The story of the orange shirt helps us remember the problems in the Residential Schools. The story is about a little girl who got a brand-new orange shirt.  She was excited to go to school where all of her cousins and siblings went to school.  When she got there, they took away her brand new orange shirt, they cut her hair and gave her a black uniform.  More than 150,000 Indigenous children went to boarding schools and more than 4,000 never came home.”

-Cecilia Chamas, Maliyah Foster, and Diezel Lichy

Hodinöhšyonih Confederacy - The purple Hiawatha design represents the Hodinöhšyonih Confederacy. “The center symbol is the Haudenosaunee Confederacy. This is important because we live and go to school on the Seneca territory. The Senecas are part of the Five Nations made up of the Mohawks, Oneidas, Onondagas, and Cayugas. The Tuscarora are also part of the Confederacy. This was intended to unite the nations and create a peaceful means of decision making. The Grand Council continues to meet and just met for the first time since 2020.”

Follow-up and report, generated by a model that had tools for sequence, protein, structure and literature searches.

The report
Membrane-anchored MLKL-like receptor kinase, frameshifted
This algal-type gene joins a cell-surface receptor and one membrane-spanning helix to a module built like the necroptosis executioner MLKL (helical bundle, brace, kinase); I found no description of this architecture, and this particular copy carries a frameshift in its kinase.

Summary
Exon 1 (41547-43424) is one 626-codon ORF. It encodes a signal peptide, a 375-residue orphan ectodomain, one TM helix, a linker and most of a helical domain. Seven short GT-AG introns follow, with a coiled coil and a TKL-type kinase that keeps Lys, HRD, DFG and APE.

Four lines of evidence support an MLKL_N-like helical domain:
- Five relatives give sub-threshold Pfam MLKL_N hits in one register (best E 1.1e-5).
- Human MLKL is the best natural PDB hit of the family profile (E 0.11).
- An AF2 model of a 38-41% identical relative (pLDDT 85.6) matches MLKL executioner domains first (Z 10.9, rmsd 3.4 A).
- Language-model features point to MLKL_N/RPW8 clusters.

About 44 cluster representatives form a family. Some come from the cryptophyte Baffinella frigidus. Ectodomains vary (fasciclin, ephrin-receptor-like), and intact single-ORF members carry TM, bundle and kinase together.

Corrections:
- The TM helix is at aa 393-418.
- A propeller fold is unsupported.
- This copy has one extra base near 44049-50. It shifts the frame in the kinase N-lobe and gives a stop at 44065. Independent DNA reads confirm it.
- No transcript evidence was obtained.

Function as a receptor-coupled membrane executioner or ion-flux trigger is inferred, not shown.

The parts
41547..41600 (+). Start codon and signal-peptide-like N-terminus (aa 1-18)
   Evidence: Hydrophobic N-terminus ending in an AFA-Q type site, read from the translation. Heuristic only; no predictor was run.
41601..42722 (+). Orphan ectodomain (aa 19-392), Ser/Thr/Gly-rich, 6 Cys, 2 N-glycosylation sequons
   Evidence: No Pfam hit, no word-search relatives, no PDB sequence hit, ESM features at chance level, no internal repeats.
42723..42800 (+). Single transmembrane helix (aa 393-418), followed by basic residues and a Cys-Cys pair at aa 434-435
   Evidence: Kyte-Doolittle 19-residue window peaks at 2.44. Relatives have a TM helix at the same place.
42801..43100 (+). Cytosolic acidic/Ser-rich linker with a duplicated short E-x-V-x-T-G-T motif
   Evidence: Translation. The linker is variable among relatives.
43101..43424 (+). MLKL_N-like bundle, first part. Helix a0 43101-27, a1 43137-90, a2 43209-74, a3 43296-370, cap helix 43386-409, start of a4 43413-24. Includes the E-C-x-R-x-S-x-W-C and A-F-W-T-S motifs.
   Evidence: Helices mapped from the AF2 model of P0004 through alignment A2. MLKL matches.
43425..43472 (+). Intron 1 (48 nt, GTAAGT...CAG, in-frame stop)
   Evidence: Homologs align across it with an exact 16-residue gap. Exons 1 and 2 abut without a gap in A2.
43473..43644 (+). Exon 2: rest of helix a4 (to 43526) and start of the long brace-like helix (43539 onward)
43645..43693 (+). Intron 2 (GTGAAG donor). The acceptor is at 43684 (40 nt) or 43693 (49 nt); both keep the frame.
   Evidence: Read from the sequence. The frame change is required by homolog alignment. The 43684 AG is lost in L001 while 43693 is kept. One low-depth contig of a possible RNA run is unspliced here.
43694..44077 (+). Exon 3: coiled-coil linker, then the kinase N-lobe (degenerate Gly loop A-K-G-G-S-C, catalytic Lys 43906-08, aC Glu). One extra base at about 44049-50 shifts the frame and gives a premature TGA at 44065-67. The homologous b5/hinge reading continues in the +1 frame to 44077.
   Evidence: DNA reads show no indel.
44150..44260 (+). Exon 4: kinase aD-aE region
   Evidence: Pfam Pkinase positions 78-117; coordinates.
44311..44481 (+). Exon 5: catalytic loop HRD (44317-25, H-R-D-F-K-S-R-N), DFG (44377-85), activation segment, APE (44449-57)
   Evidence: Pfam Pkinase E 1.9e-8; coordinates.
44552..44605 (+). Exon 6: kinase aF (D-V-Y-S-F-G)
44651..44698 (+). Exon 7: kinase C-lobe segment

-Payton Sunderlin

Drug & Alcohol Free - “The red ribbon on the right is a symbol that we are drug free. This is important because it's not good for kids to do drugs. It can kill you. For my family, my school, and my community it is important because we need to stop people from dying. It is bad for our system and when you do drugs, you are killing yourself. You are hurting your family and friends.”

-Autumn Jones, Nathan Fenton, Ruby Sundown, Serenity Tallchief

Ohi:yo’ – “The purple pattern on the bottom of the belt represents the Ohi:yo' "Beautiful River" also known as the Allegheny River located on the Onöndowa'ga:' Ohi:yo' Territory. Ohi:yo’ is important because water is life and water makes all life possible.  Ohi:yo’ is important to me because it represents the struggles that indigenous people have faced in the past and continue to face today.  Ohi:yo’ is important to my family because downriver is Cornplanter Cemetery where many of our ancestors are buried. Ohi:yo is important to the school because it reminds us of the rich history of this land before us, and our duty to keep that history alive.  Lastly, Ohi:yo’ is important to the community because the water flowing represents harmony and peace between us.”

-Paxtynn Kerswill